Duncan Barrie, who leads the farm sales team from estate agent Galbraith’s National Farm Sales Centre in Stirling, reviews how a number of the more than 60 farms sold for a total of £65 million by the firm last year were sold in lots, with the farmhouse, buildings and an area of amenity land packaged together as one lot, leaving the remaining farmland sold either as another larger lot, or as several smaller lots.
Marketing a farm in a number of suitably packaged lots can provide a variety of benefits. However not every farm will be suitable to be sub-divided and careful consideration needs to be made in each and every sale. Through dividing up the farm into smaller chunks both by land area and in terms of an asking price, we automatically expose the holding to a greater number of individual buyers each with varying levels of affordability. In some instances, a buyer may not necessarily wish to take on a farming unit, which is equipped with multiple cottages or houses, and the large range of buildings included in the sale. In other cases, the seller may wish to retain parts of the farm for themselves or for the benefit of other members of the family or indeed in the hope of achieving a longer-term return from future development for non-agricultural purposes. Therefore, the remainder of the holding may no longer be viable as a stand-alone unit.
Historically, some of the larger farms would have contained a number of cottages used by farm workers etc, but there may no longer be an economic need to include these along with the principal farming enterprise. Therefore there may be an opportunity, depending on where they sit in terms of the rest of the farming assets, to sell them as separate lots with some of the farmland in order to target the wider residential/amenity type purchasers.”
The potential purchasers in each sale need to be identified early in the process to ensure we highlight and match up those specific property attributes as part of the lotting structure. In some instances, it may be prudent to allocate part of a holding as a separate sale entirely so that buyers don’t have to wade through all the details of a larger property portfolio to find the part that appeals to them. Online marketing activity also enables potential buyers to assess each lot on its own merits.
Selling a farm in lots may be a difficult decision for some sellers to make, or may not be possible due to access and service limitations within a holding. However, with changes within the agricultural sector over the years there can be a need to bring holdings to the open market with the appropriate lotting to ensure we generate interest from both local farmers looking to expand existing operations and benefit from economies of scale, but also from wider residential, amenity and investment interests, as some buyers may look to make a return on a property in the longer term.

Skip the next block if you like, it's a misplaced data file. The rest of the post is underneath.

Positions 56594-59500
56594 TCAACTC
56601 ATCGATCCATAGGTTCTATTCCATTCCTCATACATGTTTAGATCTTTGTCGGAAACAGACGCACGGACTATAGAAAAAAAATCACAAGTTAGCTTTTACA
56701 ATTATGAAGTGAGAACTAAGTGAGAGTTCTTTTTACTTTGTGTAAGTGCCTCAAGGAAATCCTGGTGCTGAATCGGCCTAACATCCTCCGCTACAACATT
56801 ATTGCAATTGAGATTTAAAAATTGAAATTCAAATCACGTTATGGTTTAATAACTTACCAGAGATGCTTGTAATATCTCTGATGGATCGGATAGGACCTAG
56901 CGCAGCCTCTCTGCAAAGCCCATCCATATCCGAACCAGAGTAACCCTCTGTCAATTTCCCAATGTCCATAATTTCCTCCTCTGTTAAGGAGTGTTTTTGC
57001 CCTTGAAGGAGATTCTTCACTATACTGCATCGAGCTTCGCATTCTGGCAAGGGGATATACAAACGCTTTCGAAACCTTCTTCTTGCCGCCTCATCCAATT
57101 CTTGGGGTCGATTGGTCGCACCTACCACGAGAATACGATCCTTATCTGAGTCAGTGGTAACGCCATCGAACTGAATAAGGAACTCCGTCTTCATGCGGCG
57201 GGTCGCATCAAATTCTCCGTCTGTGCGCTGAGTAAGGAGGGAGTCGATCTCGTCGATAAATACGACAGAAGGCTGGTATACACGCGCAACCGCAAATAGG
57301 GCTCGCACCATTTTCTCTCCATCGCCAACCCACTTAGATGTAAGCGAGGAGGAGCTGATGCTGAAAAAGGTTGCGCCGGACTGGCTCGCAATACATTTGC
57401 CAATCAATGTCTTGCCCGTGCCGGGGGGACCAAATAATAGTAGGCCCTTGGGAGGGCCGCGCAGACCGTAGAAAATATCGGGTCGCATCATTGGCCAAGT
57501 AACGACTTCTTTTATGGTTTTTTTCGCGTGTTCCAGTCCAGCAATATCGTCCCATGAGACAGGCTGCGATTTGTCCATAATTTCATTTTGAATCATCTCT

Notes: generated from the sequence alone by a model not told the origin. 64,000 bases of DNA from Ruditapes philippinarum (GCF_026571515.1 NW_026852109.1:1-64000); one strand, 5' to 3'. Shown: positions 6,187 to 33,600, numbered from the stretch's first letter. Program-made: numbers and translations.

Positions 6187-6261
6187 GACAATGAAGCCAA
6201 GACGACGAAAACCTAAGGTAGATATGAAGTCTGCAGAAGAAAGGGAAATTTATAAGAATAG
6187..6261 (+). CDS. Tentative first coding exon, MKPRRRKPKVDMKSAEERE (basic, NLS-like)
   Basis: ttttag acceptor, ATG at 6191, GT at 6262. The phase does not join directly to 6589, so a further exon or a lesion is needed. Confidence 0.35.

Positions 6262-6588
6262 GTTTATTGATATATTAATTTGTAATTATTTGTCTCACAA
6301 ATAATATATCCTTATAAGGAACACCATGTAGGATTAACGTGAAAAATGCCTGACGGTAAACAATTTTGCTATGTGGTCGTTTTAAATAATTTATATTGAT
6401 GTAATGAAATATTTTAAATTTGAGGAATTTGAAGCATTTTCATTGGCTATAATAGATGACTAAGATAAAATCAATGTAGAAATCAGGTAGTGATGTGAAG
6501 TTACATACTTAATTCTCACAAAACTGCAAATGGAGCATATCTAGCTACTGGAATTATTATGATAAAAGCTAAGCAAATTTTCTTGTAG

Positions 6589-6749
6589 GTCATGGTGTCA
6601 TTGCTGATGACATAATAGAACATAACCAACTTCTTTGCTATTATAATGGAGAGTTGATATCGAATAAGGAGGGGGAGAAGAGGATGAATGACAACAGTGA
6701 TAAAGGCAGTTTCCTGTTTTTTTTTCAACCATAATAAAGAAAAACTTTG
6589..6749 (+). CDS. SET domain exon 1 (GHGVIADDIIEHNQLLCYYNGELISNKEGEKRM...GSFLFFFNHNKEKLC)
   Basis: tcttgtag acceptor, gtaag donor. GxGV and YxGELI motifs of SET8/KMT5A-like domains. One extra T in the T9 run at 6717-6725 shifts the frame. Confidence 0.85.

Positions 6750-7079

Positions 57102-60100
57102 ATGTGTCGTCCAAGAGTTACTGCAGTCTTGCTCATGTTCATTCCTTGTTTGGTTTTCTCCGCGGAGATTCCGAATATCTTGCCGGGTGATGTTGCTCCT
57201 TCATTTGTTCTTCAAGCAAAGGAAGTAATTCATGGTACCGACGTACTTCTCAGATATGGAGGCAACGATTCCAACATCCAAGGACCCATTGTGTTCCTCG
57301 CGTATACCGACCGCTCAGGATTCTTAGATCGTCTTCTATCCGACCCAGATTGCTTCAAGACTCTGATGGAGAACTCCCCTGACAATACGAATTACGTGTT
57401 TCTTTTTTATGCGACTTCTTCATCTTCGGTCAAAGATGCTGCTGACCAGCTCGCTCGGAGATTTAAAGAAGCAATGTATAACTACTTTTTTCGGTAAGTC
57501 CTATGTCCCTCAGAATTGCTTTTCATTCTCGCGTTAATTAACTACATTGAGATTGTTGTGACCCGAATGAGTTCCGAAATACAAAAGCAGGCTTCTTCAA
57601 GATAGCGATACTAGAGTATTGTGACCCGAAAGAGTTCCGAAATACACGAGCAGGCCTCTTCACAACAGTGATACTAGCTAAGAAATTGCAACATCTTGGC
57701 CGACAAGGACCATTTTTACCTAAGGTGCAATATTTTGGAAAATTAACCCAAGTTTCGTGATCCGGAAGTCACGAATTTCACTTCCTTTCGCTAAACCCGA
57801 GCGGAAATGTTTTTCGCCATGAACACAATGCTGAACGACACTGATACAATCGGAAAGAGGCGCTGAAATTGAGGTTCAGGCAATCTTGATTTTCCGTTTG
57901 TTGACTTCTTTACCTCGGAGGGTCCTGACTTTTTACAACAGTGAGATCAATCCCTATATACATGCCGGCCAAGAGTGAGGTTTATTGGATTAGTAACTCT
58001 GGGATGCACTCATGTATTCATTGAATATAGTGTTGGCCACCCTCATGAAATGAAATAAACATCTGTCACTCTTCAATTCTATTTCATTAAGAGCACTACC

There has been an increased use of borrowed money for farm purchases in more recent years as buyers take the opportunity to use ‘cheap’ money while long term rates remain at historically low levels. Following improvement in values within the residential markets of late, there is a higher proportion of ‘new’ non-farmer or lifestyle buyers coming into the market for the first time. Having said that, overall Scotland’s farmland market activity continues to be underpinned by existing landowners and farmers as opposed to significant external investor demand.
Galbraith reports that productive bare arable land remains in high demand as an attractive option due to the perceived tax benefits of owning land and the long-term investment opportunity land can represent. High quality bare arable land offers a higher degree of flexibility, far more than marginal arable and pasture land.
These trends continue to be witnessed throughout 2017 with farmland values remaining stable and a healthy number of farm sales completed and further farms coming onto the open market in 2018.